Friedrich Froebel (1782–1852) developed a series of educational principles and practices centred around the idea that young children learn by playing. In his native Germany, he developed an activity based approach to teaching young children involving playing with objects, singing, dancing and gardening which in 1840 he named the Kindergarten or ‘child’s garden’.
Frobel was truly pioneer in early childhood education. He established a new type of school for three and four years old children in 1837, which he called a child’s garden or kindergarten. There had been no educational training for under the age of seven.
There was no recognition that young children were capable of learning social and intellectual skills.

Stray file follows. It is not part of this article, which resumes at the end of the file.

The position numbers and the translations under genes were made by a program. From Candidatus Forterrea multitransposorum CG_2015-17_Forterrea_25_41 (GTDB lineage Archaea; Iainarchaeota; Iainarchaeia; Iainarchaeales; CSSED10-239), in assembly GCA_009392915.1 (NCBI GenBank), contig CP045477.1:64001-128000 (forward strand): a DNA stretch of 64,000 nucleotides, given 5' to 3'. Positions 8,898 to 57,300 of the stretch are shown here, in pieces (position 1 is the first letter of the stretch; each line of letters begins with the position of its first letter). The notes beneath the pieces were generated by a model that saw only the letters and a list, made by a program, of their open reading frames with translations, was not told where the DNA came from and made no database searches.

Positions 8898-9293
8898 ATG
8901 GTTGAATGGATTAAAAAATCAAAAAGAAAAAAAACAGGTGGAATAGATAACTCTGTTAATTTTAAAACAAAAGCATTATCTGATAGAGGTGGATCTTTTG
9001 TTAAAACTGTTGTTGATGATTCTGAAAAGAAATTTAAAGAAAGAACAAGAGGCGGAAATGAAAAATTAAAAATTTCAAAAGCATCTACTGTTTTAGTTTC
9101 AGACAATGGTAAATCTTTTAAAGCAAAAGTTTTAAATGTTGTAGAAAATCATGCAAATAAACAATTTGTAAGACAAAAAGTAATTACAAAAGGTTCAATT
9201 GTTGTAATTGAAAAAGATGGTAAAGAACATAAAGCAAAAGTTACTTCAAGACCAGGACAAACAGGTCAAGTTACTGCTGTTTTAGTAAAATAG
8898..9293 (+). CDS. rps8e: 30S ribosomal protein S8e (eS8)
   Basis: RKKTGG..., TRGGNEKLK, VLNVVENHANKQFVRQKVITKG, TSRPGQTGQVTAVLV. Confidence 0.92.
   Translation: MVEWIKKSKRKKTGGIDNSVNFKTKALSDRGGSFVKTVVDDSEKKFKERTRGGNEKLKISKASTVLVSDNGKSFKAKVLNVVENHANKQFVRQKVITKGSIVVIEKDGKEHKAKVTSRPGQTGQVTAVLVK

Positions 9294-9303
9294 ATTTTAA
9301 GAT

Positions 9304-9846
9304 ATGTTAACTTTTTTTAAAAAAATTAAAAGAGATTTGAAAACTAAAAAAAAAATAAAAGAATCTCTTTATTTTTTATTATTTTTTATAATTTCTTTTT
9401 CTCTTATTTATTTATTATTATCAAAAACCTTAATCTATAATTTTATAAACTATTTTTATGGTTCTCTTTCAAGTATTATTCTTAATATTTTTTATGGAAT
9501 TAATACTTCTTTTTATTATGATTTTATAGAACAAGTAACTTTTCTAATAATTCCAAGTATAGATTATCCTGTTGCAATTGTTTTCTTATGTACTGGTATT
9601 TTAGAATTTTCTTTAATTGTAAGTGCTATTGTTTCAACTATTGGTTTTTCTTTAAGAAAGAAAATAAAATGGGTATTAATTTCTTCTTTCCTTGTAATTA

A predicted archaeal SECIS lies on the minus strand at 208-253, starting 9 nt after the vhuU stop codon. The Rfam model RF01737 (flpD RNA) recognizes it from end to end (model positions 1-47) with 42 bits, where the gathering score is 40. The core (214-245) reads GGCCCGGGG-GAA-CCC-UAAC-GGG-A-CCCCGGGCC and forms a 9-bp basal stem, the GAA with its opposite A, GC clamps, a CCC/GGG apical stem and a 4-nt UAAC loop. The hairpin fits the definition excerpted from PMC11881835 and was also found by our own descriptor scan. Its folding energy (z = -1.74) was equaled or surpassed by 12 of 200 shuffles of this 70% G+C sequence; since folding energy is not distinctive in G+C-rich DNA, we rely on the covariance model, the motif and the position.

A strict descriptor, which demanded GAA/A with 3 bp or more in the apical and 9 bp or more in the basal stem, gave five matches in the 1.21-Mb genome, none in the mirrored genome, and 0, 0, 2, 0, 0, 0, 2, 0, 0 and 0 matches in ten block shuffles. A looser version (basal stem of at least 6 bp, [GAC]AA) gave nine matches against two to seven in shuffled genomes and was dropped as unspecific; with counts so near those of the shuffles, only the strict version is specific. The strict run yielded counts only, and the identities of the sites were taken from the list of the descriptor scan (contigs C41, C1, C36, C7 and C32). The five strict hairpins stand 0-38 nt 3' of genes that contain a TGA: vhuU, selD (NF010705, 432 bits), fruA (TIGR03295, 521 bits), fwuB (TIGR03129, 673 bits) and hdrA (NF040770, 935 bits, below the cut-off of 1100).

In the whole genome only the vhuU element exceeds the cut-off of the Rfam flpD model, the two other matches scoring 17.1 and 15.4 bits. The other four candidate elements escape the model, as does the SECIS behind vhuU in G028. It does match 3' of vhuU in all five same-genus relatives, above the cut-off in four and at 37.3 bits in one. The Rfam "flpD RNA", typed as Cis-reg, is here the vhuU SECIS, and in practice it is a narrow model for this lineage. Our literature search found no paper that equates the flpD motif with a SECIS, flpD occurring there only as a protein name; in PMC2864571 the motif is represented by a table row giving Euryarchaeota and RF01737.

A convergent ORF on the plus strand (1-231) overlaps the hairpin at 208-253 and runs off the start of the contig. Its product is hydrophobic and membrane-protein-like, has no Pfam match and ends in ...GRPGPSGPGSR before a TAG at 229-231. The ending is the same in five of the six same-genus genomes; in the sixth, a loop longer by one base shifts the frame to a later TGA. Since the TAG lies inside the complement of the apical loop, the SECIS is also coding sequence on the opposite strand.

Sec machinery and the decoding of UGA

Kindergarten was the first organized early-childhood educational method. As a keen observer of nature and humanity, Froebel approached human education from both a biological and a spiritual perspective. Froebel discovered that brain development is most dramatic between birth and age three, and recognized the importance of beginning education earlier than was then practiced. The number of innovations that Froebel pioneered through his research is startling, and includes multiple intelligences (different learning styles), play-based, child-centered, holistic education, parent involvement/training, educational paperfolding, use of music, games, and movement activities for education.